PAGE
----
An aerogel sleeping bag would be very interesting in terms of loft (warmth) for the weight. Durability is one concern - mountaineering gear takes a lot of rough treatment. A particular kind of durability is important: compressibility. I frankly don't care that my synthetic-fill winter bag weighs a quarter-pound more than my down winter bag, I care that my down bag takes only a quarter as much space when stored in my backpack. (The synthetic bag nearly fills up my largest pack, leaving almost no room for such minor items as food.) You'd want it to compress easily, loft out fairly quickly without special effort, and remain compressed for weeks without losing loft (e.g., when travelling to a big mountain, you don't need the big bag 'til you get there.) A few hundred compression cycles would be a good test - that's like a few years of use.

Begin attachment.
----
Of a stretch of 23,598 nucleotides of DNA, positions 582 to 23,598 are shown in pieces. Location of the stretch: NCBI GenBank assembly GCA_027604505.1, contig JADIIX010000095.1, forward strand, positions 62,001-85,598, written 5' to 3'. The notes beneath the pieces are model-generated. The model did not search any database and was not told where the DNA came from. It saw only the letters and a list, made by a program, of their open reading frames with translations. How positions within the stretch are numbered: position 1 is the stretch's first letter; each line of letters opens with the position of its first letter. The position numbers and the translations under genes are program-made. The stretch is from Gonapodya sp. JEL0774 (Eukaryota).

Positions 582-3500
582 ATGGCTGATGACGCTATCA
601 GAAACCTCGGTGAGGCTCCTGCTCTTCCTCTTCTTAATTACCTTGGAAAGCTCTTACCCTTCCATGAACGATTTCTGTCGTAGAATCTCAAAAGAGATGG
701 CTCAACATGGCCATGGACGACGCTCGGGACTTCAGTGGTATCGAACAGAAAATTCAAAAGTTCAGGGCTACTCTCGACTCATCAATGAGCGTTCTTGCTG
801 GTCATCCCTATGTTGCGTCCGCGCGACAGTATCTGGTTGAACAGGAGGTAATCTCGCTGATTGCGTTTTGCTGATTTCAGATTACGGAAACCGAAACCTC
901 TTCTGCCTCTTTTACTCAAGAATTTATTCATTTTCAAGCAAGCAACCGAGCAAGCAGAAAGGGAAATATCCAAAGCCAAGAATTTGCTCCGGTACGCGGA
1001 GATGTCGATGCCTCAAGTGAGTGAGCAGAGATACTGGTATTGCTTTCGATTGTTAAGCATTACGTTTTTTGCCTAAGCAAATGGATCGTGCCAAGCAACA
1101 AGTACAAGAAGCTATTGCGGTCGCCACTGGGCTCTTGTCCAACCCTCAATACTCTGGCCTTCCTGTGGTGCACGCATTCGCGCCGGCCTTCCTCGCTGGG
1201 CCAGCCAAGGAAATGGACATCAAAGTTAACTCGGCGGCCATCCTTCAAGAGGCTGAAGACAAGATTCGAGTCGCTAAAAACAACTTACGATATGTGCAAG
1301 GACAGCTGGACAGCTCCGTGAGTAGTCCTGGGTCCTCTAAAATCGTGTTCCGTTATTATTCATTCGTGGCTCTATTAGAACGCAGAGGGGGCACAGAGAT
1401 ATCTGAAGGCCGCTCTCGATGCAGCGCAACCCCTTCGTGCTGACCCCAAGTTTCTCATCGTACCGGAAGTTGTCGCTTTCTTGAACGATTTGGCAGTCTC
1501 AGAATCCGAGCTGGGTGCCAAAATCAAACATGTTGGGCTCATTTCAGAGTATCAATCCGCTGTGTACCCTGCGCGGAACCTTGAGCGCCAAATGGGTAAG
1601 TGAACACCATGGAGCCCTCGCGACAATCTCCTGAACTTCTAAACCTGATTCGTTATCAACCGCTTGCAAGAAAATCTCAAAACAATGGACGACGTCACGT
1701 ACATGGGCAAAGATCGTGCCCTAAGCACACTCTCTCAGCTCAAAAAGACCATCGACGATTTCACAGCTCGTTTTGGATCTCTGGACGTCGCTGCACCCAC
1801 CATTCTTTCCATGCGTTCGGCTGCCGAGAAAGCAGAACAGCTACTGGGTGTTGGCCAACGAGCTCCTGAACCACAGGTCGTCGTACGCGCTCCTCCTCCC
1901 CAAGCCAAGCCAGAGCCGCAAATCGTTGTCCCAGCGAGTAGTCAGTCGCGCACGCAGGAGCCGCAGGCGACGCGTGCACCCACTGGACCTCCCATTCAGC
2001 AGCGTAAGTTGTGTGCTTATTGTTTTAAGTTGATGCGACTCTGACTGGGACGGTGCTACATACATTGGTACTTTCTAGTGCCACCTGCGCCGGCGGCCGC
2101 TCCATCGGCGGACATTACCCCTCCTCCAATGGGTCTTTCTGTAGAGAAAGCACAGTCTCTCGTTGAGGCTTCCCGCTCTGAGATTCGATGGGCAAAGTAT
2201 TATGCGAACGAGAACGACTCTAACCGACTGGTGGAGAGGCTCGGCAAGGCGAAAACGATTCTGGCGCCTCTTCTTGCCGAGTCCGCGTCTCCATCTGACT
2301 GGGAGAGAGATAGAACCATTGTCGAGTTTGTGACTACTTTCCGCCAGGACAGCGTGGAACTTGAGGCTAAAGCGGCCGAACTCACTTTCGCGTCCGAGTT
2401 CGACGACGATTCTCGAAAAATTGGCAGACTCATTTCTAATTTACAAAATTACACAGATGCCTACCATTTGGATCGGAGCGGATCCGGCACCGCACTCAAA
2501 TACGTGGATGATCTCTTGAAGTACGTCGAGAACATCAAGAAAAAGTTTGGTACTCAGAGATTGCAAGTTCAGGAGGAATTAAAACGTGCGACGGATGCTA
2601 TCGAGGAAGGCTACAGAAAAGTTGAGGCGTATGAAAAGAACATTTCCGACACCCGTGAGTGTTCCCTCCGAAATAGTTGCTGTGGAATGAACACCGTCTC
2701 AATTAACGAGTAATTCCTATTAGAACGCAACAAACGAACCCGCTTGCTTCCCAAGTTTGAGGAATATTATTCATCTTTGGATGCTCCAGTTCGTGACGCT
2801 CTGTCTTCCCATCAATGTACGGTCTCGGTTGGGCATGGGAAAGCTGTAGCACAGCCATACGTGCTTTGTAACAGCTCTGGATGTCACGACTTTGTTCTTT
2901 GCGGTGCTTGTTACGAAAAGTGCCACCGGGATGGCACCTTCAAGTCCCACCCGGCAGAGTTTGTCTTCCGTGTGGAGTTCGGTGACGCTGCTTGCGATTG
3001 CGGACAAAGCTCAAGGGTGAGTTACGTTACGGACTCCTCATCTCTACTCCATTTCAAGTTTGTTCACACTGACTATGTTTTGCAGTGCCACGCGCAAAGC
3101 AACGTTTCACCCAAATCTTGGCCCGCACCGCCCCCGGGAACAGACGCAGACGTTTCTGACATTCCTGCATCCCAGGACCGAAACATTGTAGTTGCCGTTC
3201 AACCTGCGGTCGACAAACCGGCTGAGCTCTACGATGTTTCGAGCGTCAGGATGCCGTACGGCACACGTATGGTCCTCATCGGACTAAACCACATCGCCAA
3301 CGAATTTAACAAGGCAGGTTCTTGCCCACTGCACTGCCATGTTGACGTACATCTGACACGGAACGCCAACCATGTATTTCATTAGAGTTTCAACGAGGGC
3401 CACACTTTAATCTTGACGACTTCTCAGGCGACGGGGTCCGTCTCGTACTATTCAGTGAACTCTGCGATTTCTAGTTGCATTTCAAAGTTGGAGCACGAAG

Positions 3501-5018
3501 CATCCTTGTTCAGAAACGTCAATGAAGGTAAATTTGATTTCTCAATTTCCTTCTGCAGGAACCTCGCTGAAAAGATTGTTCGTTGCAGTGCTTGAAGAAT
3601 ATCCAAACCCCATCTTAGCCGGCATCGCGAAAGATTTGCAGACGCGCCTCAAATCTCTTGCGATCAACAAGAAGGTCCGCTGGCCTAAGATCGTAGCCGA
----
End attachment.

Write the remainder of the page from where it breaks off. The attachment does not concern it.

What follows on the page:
Don't know what your manufacturing costs are, but you could charge a premium just based on the high-tech cachet of the material. To survive in the market, though, you'd have to also get the shell right. Got to be strong, light, not too slippery, water-resistant, ideally wind-resistant and breathable; come in the right shapes and sizes, etc. The fill is only one part. Then you've got to make sales... you might need a partner.
Several of us here on SP have contacts in the outdoor gear industry, if you're serious.